A passage to Geneva
It’s sunset in Switzerland and I was on a boat on the enchanting Lake Geneva. All around me were other boats filled with tourists who were taking advantage of the nice weather to enjoy a ride on the famous lake.
A few metres away spurting into the twilight was a vertical jet of water known as the Jet d'eau de Genève. From the radio of the 20-seater boat where I sat with other tourists, a recorded information about the lake and its other tourist attractions such as the golf courses and a waterpark were relayed to us.
In addition to the boat ride, tourists could also go swimming, fishing, canoeing, and kayaking in the lake, or take a scenic hike or bike ride along one of the many trails in the area. In short, there was something for everyone on Lake Geneva.
Lake Geneva, also known as Lac Léman (French) or Lake Leman (German), the largest lake in central Europe, is about 583 sq km in area, straddling the border between Switzerland and France.
However, the largest part of the lake, about 363 sq km, is in western Switzerland. In addition, the vertical water jet, which has been a true emblem of Geneva since 1891, is 140-metre in height. Created in the 19th century, the water comes from a release valve designed to relieve over pressure from a hydraulic pumping station.
We were also informed that the jet d’eau didn’t run constantly as it was switched off at night, in strong winds and during below zero temperatures.
Geneva, a city in Switzerland regarded as one of Europe’s most cosmopolitan cities, has a population of about 200,000.
Surrounded by the Jura Mountains and the Alps, the city offers exceptional views of the majestic Mont-Blanc. Headquarters of the United Nations Office and the Red Cross, it is a world centre for diplomacy and the banking sector.
The French influence is widespread in both the language and cuisine, even though German and Italian languages are also spoken.
I had come to Geneva alongside Paulina Holmgren, a Swedish writer and photographer, to represent the London-based International Authors Forum (IAF) at a two-day meeting which took place at the headquarters of the World Intellectual Property Organisation (WIPO).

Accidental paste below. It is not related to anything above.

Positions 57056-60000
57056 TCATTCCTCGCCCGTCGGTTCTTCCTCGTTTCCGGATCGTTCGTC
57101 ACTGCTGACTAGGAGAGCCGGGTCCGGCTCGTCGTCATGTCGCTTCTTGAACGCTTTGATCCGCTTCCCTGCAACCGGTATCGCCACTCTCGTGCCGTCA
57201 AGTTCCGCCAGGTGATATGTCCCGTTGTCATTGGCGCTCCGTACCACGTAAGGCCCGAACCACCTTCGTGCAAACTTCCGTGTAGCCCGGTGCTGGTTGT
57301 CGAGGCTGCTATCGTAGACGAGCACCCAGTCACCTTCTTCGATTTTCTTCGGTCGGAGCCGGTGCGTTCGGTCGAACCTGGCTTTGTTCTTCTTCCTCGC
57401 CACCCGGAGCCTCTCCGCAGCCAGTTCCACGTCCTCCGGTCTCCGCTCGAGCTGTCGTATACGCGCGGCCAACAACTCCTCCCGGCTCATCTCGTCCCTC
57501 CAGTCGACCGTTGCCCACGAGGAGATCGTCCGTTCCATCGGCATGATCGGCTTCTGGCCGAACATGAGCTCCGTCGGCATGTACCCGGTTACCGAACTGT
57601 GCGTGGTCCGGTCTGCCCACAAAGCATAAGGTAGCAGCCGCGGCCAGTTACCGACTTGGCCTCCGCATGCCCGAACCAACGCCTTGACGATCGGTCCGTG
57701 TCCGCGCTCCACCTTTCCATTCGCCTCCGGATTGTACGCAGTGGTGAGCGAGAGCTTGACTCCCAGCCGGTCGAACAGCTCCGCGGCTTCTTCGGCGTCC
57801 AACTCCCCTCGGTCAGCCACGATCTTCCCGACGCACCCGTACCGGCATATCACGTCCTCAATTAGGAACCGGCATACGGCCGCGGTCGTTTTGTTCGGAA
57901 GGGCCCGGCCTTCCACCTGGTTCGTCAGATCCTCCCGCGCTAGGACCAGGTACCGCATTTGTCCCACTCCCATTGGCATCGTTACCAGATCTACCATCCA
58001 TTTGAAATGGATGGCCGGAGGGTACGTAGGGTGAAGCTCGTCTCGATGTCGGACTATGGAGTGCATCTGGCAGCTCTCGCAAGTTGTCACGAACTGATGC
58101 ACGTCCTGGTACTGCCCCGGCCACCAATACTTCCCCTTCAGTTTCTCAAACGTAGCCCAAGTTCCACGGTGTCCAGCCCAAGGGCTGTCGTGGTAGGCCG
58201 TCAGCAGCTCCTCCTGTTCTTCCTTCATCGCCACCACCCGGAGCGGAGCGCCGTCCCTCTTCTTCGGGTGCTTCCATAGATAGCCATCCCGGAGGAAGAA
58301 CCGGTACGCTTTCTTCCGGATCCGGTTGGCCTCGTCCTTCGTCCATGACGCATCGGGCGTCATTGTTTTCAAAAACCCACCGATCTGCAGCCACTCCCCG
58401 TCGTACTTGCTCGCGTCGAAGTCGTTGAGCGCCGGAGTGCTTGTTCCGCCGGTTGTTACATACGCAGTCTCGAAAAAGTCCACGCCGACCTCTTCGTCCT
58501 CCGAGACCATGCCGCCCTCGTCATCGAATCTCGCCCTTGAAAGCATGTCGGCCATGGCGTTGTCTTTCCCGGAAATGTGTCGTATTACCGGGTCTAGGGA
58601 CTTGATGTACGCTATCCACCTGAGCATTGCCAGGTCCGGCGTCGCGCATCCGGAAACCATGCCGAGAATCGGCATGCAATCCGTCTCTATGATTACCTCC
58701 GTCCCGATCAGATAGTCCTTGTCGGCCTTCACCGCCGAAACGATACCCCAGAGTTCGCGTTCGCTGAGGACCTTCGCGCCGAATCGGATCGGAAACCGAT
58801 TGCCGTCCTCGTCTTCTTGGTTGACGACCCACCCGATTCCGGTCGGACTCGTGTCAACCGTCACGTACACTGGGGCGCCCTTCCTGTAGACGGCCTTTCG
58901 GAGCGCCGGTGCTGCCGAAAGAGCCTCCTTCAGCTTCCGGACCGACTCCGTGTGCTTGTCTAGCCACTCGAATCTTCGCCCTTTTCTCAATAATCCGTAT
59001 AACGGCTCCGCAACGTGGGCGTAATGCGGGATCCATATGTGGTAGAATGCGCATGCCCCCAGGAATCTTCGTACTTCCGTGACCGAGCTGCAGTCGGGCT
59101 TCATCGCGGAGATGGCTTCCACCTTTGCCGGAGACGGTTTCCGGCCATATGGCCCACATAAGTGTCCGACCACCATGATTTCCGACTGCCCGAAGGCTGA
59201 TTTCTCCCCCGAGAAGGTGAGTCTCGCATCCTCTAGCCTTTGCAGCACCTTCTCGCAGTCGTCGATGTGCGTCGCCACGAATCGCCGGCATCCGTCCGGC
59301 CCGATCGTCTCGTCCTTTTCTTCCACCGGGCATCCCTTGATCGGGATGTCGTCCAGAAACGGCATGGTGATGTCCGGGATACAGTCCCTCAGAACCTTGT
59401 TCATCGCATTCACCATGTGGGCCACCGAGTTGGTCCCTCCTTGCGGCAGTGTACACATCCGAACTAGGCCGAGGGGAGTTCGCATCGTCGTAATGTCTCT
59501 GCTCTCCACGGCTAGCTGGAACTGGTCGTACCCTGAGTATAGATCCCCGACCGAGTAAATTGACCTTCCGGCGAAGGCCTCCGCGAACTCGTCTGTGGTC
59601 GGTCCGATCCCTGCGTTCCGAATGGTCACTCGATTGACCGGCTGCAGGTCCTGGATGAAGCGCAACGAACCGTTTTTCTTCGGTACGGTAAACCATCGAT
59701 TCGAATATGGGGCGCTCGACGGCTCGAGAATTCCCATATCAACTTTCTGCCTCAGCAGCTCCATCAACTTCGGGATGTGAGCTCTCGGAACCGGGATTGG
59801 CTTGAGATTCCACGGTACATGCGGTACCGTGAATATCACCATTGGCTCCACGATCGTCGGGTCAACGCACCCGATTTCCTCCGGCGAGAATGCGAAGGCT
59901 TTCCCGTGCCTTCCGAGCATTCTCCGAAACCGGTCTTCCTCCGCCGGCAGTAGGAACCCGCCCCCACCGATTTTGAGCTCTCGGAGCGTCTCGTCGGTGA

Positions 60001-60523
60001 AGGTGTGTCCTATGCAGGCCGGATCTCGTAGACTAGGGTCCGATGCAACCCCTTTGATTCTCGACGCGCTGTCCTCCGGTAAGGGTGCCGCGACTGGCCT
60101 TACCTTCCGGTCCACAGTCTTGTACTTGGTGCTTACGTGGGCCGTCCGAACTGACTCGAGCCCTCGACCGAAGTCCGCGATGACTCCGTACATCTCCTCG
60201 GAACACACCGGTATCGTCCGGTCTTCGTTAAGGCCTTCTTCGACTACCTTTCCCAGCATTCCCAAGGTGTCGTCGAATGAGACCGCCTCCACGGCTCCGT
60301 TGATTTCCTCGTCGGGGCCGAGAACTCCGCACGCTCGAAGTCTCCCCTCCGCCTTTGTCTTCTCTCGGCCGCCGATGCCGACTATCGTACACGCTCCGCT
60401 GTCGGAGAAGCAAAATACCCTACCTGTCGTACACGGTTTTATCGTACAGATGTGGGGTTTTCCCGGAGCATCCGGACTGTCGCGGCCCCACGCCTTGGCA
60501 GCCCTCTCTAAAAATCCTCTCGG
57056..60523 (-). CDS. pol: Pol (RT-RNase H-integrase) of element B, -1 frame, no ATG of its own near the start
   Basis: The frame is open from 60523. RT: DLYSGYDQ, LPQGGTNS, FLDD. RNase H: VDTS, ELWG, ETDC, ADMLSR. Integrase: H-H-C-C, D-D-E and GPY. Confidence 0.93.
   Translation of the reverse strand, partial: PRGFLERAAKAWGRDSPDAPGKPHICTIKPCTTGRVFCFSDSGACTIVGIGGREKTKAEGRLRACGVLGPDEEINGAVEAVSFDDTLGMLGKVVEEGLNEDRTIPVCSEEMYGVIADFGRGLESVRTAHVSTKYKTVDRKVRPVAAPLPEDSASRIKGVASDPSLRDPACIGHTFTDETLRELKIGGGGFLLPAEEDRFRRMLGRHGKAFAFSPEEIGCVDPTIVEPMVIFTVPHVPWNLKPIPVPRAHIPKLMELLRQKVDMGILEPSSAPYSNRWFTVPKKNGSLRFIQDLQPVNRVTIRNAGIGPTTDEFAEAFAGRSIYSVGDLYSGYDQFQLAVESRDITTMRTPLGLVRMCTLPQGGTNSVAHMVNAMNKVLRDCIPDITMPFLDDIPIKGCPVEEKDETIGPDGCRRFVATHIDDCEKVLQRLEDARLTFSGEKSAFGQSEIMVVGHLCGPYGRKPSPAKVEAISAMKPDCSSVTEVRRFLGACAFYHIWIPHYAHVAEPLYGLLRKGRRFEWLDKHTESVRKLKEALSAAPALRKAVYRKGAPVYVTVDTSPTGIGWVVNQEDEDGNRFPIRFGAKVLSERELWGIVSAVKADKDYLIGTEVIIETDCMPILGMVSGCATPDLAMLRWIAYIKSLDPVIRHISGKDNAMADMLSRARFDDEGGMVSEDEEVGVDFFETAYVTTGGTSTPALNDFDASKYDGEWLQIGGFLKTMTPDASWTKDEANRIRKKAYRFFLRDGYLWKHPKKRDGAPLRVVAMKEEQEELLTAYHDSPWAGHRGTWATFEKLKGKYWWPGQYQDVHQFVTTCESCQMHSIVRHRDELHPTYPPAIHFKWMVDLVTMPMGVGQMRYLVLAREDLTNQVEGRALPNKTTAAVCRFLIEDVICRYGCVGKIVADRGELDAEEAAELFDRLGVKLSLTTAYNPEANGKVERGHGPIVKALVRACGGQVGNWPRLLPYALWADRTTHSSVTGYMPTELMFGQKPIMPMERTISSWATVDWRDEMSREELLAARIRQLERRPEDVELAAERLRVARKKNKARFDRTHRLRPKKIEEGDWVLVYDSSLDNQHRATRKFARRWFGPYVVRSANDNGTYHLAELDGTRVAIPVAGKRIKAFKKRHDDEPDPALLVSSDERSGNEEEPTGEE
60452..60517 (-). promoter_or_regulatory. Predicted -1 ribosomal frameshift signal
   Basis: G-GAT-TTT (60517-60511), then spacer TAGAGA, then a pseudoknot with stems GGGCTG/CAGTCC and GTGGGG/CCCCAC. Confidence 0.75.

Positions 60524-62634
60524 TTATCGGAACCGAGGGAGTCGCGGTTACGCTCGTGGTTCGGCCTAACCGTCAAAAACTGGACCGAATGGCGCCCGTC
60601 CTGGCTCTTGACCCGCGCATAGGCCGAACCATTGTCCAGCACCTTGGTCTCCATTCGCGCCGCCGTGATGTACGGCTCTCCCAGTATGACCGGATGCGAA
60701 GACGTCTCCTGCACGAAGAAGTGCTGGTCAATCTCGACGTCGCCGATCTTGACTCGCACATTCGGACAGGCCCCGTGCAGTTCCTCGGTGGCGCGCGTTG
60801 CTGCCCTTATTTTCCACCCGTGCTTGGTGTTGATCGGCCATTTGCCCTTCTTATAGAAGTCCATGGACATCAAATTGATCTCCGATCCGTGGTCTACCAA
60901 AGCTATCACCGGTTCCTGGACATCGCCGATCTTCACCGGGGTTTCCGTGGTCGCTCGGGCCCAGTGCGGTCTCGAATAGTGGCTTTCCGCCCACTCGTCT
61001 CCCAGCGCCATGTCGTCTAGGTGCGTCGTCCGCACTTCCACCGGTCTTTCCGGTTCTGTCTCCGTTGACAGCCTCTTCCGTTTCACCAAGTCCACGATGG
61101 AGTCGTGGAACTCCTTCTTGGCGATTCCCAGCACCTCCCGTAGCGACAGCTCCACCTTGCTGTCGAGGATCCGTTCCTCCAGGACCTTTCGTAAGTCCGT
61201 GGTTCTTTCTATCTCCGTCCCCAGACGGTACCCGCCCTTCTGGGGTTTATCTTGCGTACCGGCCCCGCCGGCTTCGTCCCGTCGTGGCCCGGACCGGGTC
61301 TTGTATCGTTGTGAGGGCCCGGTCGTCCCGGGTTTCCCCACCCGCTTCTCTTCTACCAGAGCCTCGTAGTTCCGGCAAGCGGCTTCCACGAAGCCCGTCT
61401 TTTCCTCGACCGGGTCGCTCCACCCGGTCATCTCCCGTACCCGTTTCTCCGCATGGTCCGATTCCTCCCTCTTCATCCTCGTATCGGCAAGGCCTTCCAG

The purpose of the meeting was to gather suggestions from key stakeholder organisations in the book industry, including intellectual property experts, policy makers and cultural heritage professionals, on how to address the legal, financial and ethical obligations in the preservation of cultural heritage collections within the scope of copyright legislation.
Having spent the previous 48 hours pouring over the voluminous and highly technical 38-page ‘Preservation Tool Kit’ document, I arrived in Geneva from my Accra, Ghana base, well prepared and in high spirits for the meeting.
The taxi driver, who took me from the airport to my hotel in downtown Geneva, was a chatty young man from Turkey. Within the period of the short trip to the hotel, he had briefed me extensively about Geneva.
According to him; “Geneva is a beautiful place and a global city. It is also a financial centre, and a worldwide centre for diplomacy due to the presence of numerous international organisations, including the headquarters of many agencies of the United Nations and the Red Cross. The city hosts the highest number of international organisations in the world with 25 per cent of its population being foreign individuals”.
However, the downside to the city, according to the driver, was the high cost of living and police excesses. “If you park your car wrong, it's a police matter. If you missed to pay the ticket for the tram, it's a police matter.
“Some of my friends who live in apartments complain that if you pee after 10 pm, it's better not to flush until the morning. If you do it right away, the neighbours may call the police and you'll be fined for making noise at late hours,” he added.
Hoping to catch some rest before my first informal meeting during dinner, I quickly checked into my hotel which I felt was too pricey at $350 a night.
I was, however, pacified when I discovered that the hotel rate also went with a Swiss rail pass, which would give me access to travel by train, coach, boat, streetcar, city bus, a public taxi and cable car.
Fortunately, the tram to the Nations Terminus (The UN Headquarters) next to the WIPO headquarters, venue of my main meetings, was just four stops from the hotel.
To confirm the international nature of the work force in Geneva, the taxi driver who took me for my dinner meeting at the other end of the city was a Moroccan. He also confirmed that the city was very safe and well organised.
However, unlike his Turkish colleague, he did not complain of any police harassment. Apart from being expensive, his own complaint was what he called the ‘cold’ nature of the citizens of the city.
According to him; “It’s hard to make friends here. People are only friendly if you are just a tourist who leaves money and then leaves the country”.